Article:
2There’s Little Work to Be Done
One of the nice things for Google about buying Nest is that the smart thermostat company is already an established firm that understands where it needs to go and how to get there. This isn’t Google buying Motorola to fix the ship. Nest is a successful company that has a clear view on how it can be even more successful. And that attracted Google to Nest.
3Home Automation Is Huge
Home automation is a strategic priority for many companies in the industry. While in 2012, the home automation industry could only muster $3.6 billion in value, recent data released by Transparency Market Research found that it will be valued at $16.4 billion by 2019. If that growth is realized, Nest could be viewed as a bargain just five years from now.
4The Faster Buildup for Google
Rumors had been swirling for months that Google was looking to get into the home automation and energy fields. In fact, the company was reportedly working on its own Nest thermostat competitor. But rather than invest in all the research and development, Google made the reasonable decision to dig into its horde of cash and spend $3.2 billion to acquire the company that seems to be doing it right already.
5It’s a Bargain—Now
Looking at a cash payment of $3.2 billion might seem hefty, but the truth is, the deal was a bargain. Nest recently launched its smoke/carbon monoxide alarm and was reportedly working on other products to improve home energy usage. That might mean that Nest’s business would grow in the coming years and thus gain more value. Buying Nest now might have been a good idea.
6Nest Has Already Built a Network of Certified Installers
7Nest’s Innovative Team Will Be Part of Google
8Google Already Had Investment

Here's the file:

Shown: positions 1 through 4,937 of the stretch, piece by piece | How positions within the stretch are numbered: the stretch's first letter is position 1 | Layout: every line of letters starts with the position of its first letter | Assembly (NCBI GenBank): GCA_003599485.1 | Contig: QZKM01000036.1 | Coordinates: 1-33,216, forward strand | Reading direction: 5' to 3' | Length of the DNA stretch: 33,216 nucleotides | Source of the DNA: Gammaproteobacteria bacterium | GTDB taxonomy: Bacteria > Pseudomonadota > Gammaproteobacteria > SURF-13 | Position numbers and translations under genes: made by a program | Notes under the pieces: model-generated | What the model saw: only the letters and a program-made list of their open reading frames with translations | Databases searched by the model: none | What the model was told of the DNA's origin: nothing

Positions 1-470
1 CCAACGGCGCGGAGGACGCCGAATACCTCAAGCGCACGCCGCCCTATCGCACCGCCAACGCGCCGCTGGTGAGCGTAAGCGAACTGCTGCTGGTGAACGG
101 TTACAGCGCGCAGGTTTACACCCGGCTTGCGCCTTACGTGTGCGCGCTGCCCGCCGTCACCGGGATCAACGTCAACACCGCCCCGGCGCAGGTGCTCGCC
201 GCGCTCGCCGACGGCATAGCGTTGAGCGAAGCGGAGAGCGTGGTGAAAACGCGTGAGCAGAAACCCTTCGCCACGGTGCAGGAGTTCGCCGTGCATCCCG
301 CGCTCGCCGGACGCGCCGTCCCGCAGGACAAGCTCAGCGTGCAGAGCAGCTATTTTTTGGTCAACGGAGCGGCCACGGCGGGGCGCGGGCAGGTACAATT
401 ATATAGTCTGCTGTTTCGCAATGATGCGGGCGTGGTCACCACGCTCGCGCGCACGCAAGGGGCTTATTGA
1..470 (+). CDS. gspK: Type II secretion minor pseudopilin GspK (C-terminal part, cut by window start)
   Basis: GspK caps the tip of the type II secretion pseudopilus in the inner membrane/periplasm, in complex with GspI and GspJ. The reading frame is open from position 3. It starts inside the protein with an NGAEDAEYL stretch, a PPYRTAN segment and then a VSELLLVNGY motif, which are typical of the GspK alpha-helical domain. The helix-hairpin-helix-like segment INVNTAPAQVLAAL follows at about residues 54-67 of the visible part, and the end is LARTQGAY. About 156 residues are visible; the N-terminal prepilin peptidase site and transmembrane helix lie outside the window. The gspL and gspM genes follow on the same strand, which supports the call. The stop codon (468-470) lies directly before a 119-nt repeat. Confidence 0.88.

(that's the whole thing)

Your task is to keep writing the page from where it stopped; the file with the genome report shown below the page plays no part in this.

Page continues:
Although Google might be spending $3.2 billion to buy Nest, it’s getting some of that investment back. Google Ventures led Nest’s series B round of financing in 2011 and did the same in its series C round in 2012. It’s unknown how much stock Google Ventures owns, but it’s also benefiting from this deal on the financial side.
9Google Needs to Move Deeper Into the Home
If Google’s efforts to expand beyond search and mobile are to succeed, the company needs to be willing to “go home.” There are real opportunities for Google to increase its presence in the home with Android, Chrome and its Google Play store. There’s no telling how Nest might help that effort, but one can bet it’ll play a role.
Nest has been making inroads in the U.S. and Canada, but where the company is most likely to succeed is internationally in markets that it hasn’t yet competed in. Even Nest said in a blog post announcing its deal that the Google partnership will allow it to “get our products into the hands of people around the world—faster.” North America is a fine market to start in, but real success comes internationally—and that’s where Nest can succeed beyond current expectations.
11Google’s Consumer Hardware Design Is a Weak Point
Let’s face it, some of Google’s consumer market hardware has fallen short. Just look at the company’s Chromebook Pixel, which was essentially a MacBook knockoff. The Chromecast dongle is bulky for what it does and its power requirement is a turn-off to some customers. And remember that Google Nexus Q entertainment streaming device? It was a gimmicky mess. Rather than invest in product design for a new line of thermostats for the home market, it made sense to acquire Nest to acquire its design insight in that space. Stellar hardware design is part of the reason Nest is so successful. It’s also part of the reason Google wanted the thermostat maker.